First stop on your visit, is the incredible sinking shaft! Aka the giant cookie cutter.*
Before building the tunnel, Marc Brunel built this huge 50ft structure and then let it sink into the soft earth to get underneath the river. See the hatch where Isambard Kingdom Brunel was pulled to safety after the flood in 1827 which almost destroyed the tunnel. Stay long enough and you might even feel the rumble of a tube train under your feet! Buggy bound? No problem. You can view the whole thing from our Royal Viewing Box at the top – or just get your grown up to carry you down.
*Cookies not provided!
Get up close and discover just how they dug the world’s first underwater tunnel with our giant Thames Tunnel model. Take a peep at our Victorian peep shows – sold to raise money to build the tunnel. Watch our subtitled videos of the Thames Tunnel archive.
Not enough time to watch them all? Don’t worry, you can watch them at leisure on our YouTube channel.
Caught short? We’ve got you covered
We’ve got baby changing facilities in our accessible toilet on the ground floor of the Engine House. We also have a caught short box in case there’s anything you need. We don’t have a Changing Places toilet, but can point you in the Direction of the nearest ones.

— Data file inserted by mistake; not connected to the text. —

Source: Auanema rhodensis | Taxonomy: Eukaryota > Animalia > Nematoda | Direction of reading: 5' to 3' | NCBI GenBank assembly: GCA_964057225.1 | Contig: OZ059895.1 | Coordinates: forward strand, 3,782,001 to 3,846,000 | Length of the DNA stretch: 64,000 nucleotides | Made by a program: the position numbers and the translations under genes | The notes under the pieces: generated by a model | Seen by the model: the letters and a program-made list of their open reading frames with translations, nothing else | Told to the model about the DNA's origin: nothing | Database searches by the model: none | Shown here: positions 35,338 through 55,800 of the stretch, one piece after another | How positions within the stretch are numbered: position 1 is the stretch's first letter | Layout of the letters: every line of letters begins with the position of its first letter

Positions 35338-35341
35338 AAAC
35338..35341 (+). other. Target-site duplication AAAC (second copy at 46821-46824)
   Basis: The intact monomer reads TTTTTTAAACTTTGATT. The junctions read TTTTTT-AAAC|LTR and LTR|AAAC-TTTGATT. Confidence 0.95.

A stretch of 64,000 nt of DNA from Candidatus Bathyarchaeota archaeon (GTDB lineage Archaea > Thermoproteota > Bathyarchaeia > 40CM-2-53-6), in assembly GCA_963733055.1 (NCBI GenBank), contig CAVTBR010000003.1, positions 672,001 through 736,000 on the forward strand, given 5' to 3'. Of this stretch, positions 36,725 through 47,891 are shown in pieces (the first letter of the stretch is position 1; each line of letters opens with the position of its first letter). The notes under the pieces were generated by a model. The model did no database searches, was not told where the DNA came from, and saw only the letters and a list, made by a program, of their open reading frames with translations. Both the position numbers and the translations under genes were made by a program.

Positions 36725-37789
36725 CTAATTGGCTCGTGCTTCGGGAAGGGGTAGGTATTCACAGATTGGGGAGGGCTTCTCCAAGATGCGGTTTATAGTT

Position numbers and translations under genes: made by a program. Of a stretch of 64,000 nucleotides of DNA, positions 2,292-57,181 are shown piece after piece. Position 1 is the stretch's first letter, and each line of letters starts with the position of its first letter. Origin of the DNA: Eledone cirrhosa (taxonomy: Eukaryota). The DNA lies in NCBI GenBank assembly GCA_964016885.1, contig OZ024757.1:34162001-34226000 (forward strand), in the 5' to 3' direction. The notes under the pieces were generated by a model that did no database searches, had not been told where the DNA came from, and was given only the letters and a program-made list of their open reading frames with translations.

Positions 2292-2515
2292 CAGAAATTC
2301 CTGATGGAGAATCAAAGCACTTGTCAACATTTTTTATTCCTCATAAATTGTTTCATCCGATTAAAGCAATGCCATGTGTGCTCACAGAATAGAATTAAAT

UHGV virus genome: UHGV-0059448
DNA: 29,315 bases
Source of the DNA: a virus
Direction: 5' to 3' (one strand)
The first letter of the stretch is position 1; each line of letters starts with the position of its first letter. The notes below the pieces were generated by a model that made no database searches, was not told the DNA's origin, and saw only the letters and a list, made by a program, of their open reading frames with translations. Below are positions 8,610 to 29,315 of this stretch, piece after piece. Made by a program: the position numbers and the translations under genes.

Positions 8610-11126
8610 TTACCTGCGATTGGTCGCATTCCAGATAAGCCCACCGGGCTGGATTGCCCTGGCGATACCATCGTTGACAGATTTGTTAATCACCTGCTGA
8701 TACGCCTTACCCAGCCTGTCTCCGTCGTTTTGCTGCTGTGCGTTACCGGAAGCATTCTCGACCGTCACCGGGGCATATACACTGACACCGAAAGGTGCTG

Have lunch in our Piazza
Feel free to bring your own lunch and enjoy out on our Piazza. You can even sit on one of our Brunel Bridge Benches. Try saying that fast three times!
Check out our family activities
We have a changing programme of family activities every school holidays. Check out our What’s On page to see what we’ve got coming up.
Museums are places to be entertained and inspired, and we try to make learning fun and our events unusual. The Brunels did not just build bridges and tunnels, they organised concert parties, dance events, underwater banquets, fairgrounds and shopping arcades. Brunel was not just an engineer, he was an impresario and showman.